If you google the phrase “online support groups” you will find over 60 million hits. And you can find an online support group for everything from Abstinence to Zellweger Syndrome [yes, literally A to Z]. There are mutual help groups (peer to peer) and groups that are moderated by mental health professionals or trained volunteers. How to select from amongst them? First, we need to educate ourselves and then we need to educate our clients.
At times I have referred clients to online support groups. In order to make an informed referral I search for and review the groups. Questions I have asked as I am researching support groups:
How long has it been around? What do people say about it?
Who started it and who maintains it? Is it affiliated with a reputable mental health organization?
Is this peer-to-peer or is there a trained moderator?
What is the level of support/advice that is given?
How are ‘flamers’ dealt with?
Clients tell me they have found these groups to be helpful to them in a variety of ways. Some have told me the members of the support group understand their issues better than anyone else can. Research from an online suicide prevention community states, “Help-seekers…emphasised the importance of expressing their thoughts and feelings to a community who understood, suggesting the online community context created the opportunity for help-seekers to seek and receive social support they would not have otherwise..
We, as clinicians, ought not to simply refer to online support groups. It’s important for us to provide clients with information about how to make the best use of an online support community. For a good example on how to do this check out this article from PsychCentral – 7 tips for Making the Most of Online Support Groups. http://psychcentral.com/blog/archives/2010/01/28/7-tips-for-making-the-most-of-online-support-groups/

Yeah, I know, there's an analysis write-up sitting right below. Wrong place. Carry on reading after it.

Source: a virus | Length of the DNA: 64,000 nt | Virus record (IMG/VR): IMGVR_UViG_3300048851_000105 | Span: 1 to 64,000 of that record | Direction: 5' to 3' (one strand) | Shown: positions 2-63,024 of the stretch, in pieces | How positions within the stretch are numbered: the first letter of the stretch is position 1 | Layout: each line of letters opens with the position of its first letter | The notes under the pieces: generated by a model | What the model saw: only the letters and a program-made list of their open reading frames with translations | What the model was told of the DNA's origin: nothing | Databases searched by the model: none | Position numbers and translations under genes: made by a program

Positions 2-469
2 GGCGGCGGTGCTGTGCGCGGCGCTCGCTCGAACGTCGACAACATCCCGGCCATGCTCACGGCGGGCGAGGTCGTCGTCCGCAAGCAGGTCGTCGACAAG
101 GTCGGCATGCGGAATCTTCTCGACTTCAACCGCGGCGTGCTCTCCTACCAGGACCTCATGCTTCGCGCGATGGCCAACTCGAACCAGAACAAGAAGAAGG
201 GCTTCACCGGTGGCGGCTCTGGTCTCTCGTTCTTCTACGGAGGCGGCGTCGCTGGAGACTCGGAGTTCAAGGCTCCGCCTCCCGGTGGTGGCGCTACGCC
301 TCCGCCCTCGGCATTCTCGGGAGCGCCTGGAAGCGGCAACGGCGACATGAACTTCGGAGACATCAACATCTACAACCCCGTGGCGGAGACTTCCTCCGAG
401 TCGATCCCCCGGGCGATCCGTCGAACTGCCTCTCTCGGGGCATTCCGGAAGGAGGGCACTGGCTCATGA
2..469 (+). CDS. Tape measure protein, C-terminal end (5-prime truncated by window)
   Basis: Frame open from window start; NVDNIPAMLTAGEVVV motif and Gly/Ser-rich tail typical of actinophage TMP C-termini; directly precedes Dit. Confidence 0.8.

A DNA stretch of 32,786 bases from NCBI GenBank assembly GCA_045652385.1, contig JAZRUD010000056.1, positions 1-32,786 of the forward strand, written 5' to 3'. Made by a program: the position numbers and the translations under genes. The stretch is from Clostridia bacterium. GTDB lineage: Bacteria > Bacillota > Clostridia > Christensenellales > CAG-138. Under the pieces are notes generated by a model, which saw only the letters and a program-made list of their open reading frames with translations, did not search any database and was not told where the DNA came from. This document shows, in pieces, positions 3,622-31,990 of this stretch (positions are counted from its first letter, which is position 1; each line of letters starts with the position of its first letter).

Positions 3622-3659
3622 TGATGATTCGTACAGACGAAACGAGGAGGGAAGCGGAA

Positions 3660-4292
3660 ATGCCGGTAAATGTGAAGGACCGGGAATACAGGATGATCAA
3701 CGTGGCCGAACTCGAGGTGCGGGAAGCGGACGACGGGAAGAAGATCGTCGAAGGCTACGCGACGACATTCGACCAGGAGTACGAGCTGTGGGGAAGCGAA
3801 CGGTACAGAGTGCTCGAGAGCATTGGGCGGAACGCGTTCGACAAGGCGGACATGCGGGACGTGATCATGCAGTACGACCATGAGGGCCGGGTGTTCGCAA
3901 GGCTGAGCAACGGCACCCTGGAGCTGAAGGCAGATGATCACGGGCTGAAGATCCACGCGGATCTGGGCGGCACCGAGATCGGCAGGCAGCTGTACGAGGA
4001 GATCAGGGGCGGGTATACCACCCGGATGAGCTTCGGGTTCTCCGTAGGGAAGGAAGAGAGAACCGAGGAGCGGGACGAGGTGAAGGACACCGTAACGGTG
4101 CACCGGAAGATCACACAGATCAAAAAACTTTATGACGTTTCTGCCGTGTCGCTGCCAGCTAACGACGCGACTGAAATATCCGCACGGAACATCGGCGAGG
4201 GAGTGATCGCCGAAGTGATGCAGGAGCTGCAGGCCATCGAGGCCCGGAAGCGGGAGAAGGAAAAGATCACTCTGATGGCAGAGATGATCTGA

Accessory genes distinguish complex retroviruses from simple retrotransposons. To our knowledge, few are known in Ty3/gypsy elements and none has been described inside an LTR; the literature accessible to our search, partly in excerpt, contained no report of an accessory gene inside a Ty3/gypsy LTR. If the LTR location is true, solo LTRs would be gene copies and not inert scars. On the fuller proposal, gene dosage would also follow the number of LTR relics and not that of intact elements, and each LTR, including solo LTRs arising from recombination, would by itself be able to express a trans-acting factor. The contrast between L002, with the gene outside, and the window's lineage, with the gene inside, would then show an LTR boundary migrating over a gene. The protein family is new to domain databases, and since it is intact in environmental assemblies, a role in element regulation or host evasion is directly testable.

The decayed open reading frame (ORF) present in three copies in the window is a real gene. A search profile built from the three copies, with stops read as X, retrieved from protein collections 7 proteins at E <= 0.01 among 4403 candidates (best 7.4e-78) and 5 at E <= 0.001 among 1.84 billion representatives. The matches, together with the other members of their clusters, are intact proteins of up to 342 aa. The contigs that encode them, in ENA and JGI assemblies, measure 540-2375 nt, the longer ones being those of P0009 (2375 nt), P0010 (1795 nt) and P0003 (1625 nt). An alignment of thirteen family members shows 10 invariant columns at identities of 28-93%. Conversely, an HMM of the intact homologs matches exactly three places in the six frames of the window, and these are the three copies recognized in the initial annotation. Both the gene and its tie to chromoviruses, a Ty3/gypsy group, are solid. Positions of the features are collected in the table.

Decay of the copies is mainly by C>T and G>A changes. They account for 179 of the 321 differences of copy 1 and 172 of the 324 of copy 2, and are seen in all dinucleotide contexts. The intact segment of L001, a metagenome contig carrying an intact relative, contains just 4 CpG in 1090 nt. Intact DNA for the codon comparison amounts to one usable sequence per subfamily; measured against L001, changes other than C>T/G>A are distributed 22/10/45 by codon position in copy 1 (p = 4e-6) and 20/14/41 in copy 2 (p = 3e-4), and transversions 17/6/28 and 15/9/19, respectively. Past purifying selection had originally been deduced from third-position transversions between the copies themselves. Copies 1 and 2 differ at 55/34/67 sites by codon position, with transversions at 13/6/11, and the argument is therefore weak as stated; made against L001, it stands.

It also behooves us to keep the dialogue open with our clients as they make use of these sites. In the latest issue of the Canadian Journal of Counselling and Psychotherapy there is an article on ‘Self-Injury Groups on Facebook’. The authors make excellent points about our role as counsellors when it comes to online support groups. They say, “…counsellors should ask questions about their clients’ involvement, including questions about the frequency with which they are using the site(s), their level of interaction (whether they are making posts or just observing), and the perceived benefits or downfalls of these interactions. Clinicians should assist their clients in becoming more mindful of the personal effects of their group involvement as well….Counsellors can aid clients in assessing how they are using these online relationships and how their involvement may impact recovery. Clinicians should promote awareness of the personal impact of group involvement and educate their clients about potentially damaging interactions on such sites.”
There’s a vast array of online support groups out there. Let’s keep ourselves informed and teach our clients how to use these tools wisely.
Dawn Schell, MA, CCC is an affiliate of Worldwide Therapy Online Inc. http://www.therapyonline.ca
 Greidanus, E. & Everall, R. D. (2010). Helper therapy in an online suicide prevention community. British Journal of Guidance & Counselling, 38 (2), 191 – 204.
 Niwa, K. & Mandrusiak, M. N. (2012). Self-Injury Groups on Facebook. Canadian Journal of Counselling and Psychotherapy, 46 (1), 1 – 20.
*The views expressed by our authors are personal opinions and do not necessarily reflect the views of the CCPA